Monday, January 28, 2008

War On Drugs VII

The thing that makes the war on drugs so insidious to me as a black man is not the fact that it has increased the number black felons or that it has turned our neighborhoods into war zones. No to me the one factor that has caused the most damage to us as a people is how it has removed us from the process of democracy. I think that this was its original intent and it has not failed to deliver. The United States is the only democracy in the world that does not allow its citizens the right to vote after they have served their sentences. In America, it is once a criminal always a criminal. To understand the racist nature of these laws all one has to do is to examine their historic beginnings.

Felon disenfranchisement was sometimes used as a tool by the states to disenfranchise blacks. Some Southern states passed laws disenfranchising those convicted of what were considered to be "black" crimes, while those convicted of "white" crimes did not lose their right to vote. For example, South Carolina disenfranchised criminals convicted of "thievery, adultery, arson, wife beating, housebreaking, and attempted rape," but not those convicted of murder or fighting. Mississippi modified its broad, earlier law--which disenfranchised convicts of "any crime"--to specifically target "black" crimes.[1]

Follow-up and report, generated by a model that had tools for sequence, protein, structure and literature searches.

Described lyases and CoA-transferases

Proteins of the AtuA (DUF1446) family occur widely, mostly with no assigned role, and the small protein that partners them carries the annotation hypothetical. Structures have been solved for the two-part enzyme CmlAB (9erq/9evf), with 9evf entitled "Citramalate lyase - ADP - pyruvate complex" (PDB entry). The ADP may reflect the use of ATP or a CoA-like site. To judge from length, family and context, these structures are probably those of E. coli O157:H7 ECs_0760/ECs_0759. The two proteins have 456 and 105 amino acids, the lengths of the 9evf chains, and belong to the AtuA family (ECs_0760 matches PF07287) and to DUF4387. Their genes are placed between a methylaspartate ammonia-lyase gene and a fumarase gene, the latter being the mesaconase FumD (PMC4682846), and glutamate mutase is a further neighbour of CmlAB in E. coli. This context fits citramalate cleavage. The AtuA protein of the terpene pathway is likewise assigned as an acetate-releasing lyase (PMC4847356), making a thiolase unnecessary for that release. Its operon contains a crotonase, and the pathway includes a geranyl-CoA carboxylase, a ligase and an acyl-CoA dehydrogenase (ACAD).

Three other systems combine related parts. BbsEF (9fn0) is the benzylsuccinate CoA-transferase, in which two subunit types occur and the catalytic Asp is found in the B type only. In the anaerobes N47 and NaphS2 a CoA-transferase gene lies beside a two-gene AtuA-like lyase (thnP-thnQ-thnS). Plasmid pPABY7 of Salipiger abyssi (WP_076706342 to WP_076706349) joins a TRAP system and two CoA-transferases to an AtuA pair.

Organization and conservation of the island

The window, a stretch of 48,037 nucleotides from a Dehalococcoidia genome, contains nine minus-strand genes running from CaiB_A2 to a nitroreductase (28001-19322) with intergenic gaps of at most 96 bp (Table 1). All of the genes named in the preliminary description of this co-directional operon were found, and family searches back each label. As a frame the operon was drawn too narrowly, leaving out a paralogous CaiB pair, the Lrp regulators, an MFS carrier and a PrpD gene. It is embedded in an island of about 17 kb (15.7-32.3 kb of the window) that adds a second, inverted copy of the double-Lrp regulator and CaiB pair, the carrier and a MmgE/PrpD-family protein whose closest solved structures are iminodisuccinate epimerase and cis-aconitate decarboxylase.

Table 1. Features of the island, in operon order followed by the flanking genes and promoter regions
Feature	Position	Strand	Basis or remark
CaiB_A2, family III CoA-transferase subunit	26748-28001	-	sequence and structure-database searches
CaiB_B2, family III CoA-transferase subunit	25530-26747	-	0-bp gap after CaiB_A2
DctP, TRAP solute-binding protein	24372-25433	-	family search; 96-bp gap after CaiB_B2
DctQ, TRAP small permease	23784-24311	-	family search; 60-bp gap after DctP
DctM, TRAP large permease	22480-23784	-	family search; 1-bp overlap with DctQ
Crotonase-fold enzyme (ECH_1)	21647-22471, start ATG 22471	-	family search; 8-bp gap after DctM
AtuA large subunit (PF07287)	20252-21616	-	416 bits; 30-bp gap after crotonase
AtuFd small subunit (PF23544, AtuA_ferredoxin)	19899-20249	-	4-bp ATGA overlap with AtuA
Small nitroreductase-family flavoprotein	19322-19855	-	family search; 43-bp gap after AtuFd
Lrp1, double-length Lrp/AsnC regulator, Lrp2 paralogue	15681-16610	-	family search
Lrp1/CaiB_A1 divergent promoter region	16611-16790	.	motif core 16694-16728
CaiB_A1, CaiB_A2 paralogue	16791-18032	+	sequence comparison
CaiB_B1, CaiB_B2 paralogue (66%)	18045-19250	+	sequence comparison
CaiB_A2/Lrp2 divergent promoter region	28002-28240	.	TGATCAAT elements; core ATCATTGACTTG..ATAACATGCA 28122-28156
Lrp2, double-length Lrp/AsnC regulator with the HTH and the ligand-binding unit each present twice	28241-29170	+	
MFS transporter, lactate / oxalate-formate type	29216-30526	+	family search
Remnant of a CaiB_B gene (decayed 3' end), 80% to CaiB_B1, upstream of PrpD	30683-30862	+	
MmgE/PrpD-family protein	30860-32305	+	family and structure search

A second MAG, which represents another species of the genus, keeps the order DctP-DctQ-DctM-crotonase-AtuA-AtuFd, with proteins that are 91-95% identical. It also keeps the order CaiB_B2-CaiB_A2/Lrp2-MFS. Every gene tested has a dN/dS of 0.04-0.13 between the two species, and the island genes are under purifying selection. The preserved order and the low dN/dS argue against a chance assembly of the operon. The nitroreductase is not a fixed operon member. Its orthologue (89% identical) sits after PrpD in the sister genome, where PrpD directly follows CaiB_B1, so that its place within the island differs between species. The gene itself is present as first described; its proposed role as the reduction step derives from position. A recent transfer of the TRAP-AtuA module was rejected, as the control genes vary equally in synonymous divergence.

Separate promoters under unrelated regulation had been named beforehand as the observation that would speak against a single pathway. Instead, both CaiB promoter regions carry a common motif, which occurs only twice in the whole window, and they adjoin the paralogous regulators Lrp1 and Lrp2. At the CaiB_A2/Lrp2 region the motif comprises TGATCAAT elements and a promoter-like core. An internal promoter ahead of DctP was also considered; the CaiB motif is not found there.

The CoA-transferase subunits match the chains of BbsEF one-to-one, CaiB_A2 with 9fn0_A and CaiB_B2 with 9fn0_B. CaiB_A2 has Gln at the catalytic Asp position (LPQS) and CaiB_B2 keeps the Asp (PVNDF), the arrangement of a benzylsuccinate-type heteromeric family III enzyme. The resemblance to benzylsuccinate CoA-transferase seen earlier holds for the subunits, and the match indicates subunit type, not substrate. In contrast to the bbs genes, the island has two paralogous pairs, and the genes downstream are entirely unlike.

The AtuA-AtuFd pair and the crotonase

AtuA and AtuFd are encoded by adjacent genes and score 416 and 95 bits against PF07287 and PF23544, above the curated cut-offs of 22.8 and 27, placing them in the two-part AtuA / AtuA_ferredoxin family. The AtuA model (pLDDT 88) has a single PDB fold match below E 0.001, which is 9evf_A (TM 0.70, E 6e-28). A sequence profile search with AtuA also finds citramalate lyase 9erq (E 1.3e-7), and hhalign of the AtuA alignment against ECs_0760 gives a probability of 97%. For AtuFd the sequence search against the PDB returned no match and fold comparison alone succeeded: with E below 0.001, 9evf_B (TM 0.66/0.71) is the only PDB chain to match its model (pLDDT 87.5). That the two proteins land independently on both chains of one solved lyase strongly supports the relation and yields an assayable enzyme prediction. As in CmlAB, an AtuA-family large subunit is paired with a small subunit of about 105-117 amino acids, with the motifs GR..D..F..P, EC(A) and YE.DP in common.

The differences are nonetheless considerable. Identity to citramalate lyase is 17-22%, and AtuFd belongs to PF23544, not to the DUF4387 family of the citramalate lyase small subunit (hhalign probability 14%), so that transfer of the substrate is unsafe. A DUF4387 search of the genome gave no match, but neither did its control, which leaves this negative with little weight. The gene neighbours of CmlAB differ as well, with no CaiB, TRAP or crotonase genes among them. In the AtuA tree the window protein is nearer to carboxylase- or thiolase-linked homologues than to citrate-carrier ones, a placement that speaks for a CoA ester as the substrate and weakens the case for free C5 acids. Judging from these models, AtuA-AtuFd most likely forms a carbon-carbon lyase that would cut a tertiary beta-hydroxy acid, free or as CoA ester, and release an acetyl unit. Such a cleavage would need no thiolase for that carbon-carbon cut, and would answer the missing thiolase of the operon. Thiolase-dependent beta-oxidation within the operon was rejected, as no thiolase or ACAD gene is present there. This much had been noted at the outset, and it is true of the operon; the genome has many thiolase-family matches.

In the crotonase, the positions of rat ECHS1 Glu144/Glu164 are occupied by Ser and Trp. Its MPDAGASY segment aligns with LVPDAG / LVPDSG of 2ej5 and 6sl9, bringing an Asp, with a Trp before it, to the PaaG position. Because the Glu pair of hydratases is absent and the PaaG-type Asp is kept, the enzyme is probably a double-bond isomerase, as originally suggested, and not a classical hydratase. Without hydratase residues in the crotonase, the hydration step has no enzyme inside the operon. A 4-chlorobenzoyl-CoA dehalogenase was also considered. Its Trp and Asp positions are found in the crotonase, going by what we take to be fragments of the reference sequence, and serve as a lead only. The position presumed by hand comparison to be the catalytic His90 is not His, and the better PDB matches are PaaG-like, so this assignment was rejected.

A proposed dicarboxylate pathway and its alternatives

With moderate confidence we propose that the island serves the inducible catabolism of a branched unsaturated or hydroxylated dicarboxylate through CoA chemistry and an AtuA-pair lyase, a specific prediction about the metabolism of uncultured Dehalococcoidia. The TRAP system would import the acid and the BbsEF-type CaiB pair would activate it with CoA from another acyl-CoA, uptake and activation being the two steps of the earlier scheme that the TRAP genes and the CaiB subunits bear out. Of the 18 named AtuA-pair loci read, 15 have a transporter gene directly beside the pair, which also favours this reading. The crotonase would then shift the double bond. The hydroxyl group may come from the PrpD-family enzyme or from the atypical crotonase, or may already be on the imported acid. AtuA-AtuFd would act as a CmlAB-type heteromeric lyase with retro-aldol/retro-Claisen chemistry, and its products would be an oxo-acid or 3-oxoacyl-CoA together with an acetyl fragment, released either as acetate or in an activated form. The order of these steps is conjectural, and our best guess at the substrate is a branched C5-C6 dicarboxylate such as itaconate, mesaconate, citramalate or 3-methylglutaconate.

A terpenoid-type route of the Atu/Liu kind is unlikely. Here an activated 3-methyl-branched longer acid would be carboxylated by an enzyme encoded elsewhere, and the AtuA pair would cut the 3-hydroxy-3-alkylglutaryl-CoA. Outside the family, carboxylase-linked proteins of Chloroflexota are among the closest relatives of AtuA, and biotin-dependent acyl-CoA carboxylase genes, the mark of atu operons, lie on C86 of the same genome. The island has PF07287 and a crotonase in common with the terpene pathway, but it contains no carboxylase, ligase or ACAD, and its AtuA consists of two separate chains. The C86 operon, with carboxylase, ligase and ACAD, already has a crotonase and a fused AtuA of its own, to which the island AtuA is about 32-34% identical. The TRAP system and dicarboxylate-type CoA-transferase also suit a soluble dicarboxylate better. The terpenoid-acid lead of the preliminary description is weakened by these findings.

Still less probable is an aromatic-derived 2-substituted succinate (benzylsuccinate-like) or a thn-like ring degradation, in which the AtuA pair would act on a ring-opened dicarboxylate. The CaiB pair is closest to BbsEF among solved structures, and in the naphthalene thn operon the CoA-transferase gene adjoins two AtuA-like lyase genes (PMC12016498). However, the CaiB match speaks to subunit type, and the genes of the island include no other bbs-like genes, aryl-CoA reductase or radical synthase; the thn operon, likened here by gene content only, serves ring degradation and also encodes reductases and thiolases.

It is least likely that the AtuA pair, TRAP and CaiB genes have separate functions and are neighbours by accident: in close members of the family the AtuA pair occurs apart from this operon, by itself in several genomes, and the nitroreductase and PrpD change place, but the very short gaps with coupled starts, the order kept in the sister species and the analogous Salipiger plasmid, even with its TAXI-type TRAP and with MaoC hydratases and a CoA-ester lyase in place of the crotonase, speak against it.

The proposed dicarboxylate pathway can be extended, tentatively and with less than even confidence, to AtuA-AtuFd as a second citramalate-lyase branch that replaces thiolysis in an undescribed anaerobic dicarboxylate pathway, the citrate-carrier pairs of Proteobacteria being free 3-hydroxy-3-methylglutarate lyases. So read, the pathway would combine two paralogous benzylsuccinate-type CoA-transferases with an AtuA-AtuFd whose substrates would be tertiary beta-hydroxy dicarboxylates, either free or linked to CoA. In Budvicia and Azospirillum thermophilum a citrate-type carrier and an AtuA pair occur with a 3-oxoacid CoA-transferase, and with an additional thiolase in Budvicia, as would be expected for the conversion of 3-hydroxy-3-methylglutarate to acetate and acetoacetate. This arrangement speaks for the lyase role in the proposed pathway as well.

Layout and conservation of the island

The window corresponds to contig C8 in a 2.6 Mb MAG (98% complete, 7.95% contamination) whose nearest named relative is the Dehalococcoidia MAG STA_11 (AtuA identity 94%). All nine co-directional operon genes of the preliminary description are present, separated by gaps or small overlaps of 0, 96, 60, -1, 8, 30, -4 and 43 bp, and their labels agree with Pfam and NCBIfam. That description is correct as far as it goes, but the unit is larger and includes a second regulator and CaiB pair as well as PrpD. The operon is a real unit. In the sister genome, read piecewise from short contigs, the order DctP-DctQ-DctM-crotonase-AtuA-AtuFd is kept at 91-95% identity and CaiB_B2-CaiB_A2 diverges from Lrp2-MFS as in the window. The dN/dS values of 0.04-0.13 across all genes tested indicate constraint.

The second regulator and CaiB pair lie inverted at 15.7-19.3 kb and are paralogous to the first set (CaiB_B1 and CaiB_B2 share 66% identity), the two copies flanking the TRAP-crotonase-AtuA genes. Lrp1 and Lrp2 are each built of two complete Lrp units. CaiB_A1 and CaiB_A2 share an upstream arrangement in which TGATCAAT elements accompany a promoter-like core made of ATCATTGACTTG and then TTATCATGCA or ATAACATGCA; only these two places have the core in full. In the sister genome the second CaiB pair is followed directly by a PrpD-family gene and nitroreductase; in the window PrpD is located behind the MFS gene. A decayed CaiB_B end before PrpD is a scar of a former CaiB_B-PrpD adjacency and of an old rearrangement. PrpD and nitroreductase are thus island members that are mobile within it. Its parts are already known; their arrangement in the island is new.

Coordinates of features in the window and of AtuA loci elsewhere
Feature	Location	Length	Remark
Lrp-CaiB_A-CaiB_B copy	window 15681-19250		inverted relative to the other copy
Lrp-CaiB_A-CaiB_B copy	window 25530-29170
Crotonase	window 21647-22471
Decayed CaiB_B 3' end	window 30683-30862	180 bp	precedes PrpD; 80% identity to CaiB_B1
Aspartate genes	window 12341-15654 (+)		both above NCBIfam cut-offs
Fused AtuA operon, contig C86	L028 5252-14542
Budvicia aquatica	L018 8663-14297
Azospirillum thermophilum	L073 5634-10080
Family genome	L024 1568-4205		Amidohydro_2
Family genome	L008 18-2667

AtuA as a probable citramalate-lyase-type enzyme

The laws allowing for the disenfranchisement of criminals can be traced back to the ancient Greeks and first appeared in America as early as the 1600’s. So for anyone looking to disenfranchise a group of citizens the groundwork was already laid. If felons forfeited their constitutional rights all one would have to do is to construct and create laws to make more felons and then through a bias application of the laws exclude the majority population while ensnaring the targeted group. This of course is a broad statement and on its own proves nothing. In order to verify its validity there would have to be a statistical anomaly between the number of people in the criminal justice system from the targeted group and the percentage of that group in the national populace that cannot be explained by happenchance. Is there such an anomaly?

Although the incidence of crimes committed by blacks has not increased, the number of black prisoners has tripled since 1980. Approximately 13% of black males have lost their right to vote due to felony convictions, or around 1.4 million persons (Sentencing Project, 2000). The primary theoretical tool used to explain LFD legislation is the racial threat thesis (Behrens et al., 2003). The idea is that the presence of a high proportion of African Americans creates a threat that can be temporarily reduced by sentencing a large number of blacks to prison...Yet we will demonstrate that through policies that have been explicitly and are now "implicitly racial, state institutions organize and enforce the racial politics of everyday life" (Omi and Winant, 1986: 77).[2]